We take it for granted, the ornate front steps and tasteful stride down into the kitchen or living room. The kids are upstairs calling out for help on their homework and can we have dinner, down the steep stairs, out onto the uneven lawn?
This is a common scene of the great American family at day’s end. Mom and Dad sip a drink, too content to be mindful of a large and growing segment of the population that is shut away from that idyllic life.
Think about the logistics: These individuals are the disabled. Even if they could find and win jobs to support an attractive lifestyle, the work would likely be low-paying. The unemployment among the disabled runs at about 75 percent. Transportation for those who can’t afford specially fitted vehicles is out of reach. A shocking number of the disabled are locked away in nursing homes, though government could probably spend less money locating affordable housing, decent jobs, and assisting with transportation to assist people with special needs.
The leaders of the independent living movement often operate from wheelchairs. They bring passion to their cause and know the ins and outs of the bureaucratic documents, such as the Americans with Disabilities Act. Most would agree that their biggest hurdle is a condescending or ignorant public that does not give a damn.
Americans see the disabled, physically and mentally, as half people. Then there are the myths: ‘the disabled lead tragic lives and deserve our pity’ myth; ‘the disabilities define people’ myth; ‘the disabled are sick and in endless pain’ myth; ‘the disabled are special and deserve special treatment’ myth. These are all wrong and stupid. The myths are nothing more than a guaranteed formula for never changing the system.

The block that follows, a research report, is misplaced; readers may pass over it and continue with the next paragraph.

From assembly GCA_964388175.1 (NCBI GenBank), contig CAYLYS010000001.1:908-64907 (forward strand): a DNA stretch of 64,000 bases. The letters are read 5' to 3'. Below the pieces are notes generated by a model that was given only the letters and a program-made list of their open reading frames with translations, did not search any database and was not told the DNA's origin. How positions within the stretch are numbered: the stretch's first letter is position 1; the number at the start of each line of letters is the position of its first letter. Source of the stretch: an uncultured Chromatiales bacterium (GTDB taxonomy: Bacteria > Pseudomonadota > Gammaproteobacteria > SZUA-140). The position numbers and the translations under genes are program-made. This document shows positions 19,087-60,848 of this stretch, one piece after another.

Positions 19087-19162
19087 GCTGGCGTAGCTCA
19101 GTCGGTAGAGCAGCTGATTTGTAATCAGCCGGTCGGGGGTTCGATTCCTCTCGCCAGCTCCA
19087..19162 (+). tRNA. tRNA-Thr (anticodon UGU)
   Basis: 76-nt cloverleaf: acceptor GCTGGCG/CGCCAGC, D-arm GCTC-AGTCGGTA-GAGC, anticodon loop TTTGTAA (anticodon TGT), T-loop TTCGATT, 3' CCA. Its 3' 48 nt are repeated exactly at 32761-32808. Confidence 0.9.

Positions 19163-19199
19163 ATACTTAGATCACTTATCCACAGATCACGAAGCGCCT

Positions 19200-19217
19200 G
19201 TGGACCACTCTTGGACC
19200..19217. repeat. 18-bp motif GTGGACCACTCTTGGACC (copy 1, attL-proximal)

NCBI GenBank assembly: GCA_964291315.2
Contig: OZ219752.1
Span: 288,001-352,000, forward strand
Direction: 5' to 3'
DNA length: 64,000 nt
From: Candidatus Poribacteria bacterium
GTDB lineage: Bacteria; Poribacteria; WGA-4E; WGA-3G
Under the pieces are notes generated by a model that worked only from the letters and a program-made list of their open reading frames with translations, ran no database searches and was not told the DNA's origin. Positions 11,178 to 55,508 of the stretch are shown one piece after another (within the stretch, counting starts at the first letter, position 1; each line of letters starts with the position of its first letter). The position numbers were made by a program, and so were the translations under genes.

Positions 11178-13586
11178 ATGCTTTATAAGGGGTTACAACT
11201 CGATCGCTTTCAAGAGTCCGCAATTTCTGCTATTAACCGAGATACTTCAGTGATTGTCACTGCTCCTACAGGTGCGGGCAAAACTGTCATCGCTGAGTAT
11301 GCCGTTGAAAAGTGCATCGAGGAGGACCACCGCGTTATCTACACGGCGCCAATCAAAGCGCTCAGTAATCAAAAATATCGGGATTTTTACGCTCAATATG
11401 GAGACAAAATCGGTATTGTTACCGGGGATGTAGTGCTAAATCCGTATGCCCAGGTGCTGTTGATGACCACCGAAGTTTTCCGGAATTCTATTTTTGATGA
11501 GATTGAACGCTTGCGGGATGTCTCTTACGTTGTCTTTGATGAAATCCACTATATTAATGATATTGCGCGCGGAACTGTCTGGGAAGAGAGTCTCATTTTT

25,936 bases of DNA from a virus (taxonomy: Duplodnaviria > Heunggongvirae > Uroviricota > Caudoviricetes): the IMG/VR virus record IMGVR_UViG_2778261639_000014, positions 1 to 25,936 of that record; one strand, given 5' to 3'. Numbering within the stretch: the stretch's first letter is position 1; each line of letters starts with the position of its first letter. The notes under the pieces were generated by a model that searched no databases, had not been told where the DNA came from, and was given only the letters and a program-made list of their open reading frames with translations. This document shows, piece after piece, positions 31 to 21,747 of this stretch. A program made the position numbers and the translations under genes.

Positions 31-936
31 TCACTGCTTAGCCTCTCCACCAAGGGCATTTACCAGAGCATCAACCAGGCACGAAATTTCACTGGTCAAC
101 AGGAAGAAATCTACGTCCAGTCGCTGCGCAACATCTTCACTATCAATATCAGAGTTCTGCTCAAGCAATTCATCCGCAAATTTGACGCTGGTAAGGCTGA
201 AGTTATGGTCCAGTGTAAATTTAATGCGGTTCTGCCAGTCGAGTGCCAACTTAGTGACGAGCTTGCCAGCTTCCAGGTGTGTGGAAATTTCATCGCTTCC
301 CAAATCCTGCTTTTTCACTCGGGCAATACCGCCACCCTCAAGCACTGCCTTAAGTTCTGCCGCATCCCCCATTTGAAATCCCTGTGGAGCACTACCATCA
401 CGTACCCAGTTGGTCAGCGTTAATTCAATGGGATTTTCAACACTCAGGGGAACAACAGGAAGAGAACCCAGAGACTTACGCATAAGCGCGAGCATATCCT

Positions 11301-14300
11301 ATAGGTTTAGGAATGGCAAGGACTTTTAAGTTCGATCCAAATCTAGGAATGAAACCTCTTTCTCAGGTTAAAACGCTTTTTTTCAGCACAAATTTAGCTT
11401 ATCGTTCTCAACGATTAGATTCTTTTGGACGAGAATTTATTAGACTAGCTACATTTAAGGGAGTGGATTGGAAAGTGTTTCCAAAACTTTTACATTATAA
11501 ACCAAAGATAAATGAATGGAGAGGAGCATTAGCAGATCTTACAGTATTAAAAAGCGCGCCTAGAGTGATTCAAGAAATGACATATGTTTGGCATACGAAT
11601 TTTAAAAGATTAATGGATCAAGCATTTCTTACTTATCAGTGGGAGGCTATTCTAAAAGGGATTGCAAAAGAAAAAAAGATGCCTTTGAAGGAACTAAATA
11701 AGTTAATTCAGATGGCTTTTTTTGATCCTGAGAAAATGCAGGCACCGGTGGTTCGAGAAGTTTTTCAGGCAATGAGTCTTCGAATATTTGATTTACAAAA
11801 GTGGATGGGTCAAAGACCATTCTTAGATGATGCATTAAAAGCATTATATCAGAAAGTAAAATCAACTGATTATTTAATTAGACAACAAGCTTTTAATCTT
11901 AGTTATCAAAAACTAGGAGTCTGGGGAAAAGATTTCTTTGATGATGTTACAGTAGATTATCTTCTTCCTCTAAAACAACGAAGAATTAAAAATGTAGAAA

The independence movement is cross-disability. You will see as many white canes and dogs as wheel chairs. These people, as they are known with good, old-fashioned condescension are victims of quiet discrimination. So are the chronically ill. The chronically healthy do not want to deal with any of us. Leaders of the independent living movement find that discrimination comes at them even from the medical community. A little too freakish. Too much paper work. Too many special needs. I would have expected much more from our doctors.
One alternative to independent living commonly accepted by a healthy public is assisted living, which many in the disability world consider segregated and second-rate. Many call it glorified nursing-home care. There are many unhappy people whom god did not seem to smile upon in the first place.
And the healthy are continuing the trend, which I would label again as genuine discrimination. You do not need race, religion, or gender to make discrimination a powerful issue. The sick and disabled seem to have a soft voice, difficult to hear over life’s din, unless people are listening which apparently, they are not.
Americans do not seem to know or care much about the living conditions of the sick and disabled. Are you sympathetic to the sick and disabled who desperately seek independence? If not, why not? Add your comments to this Discussion on the Chronic Disease & Disability Exchange.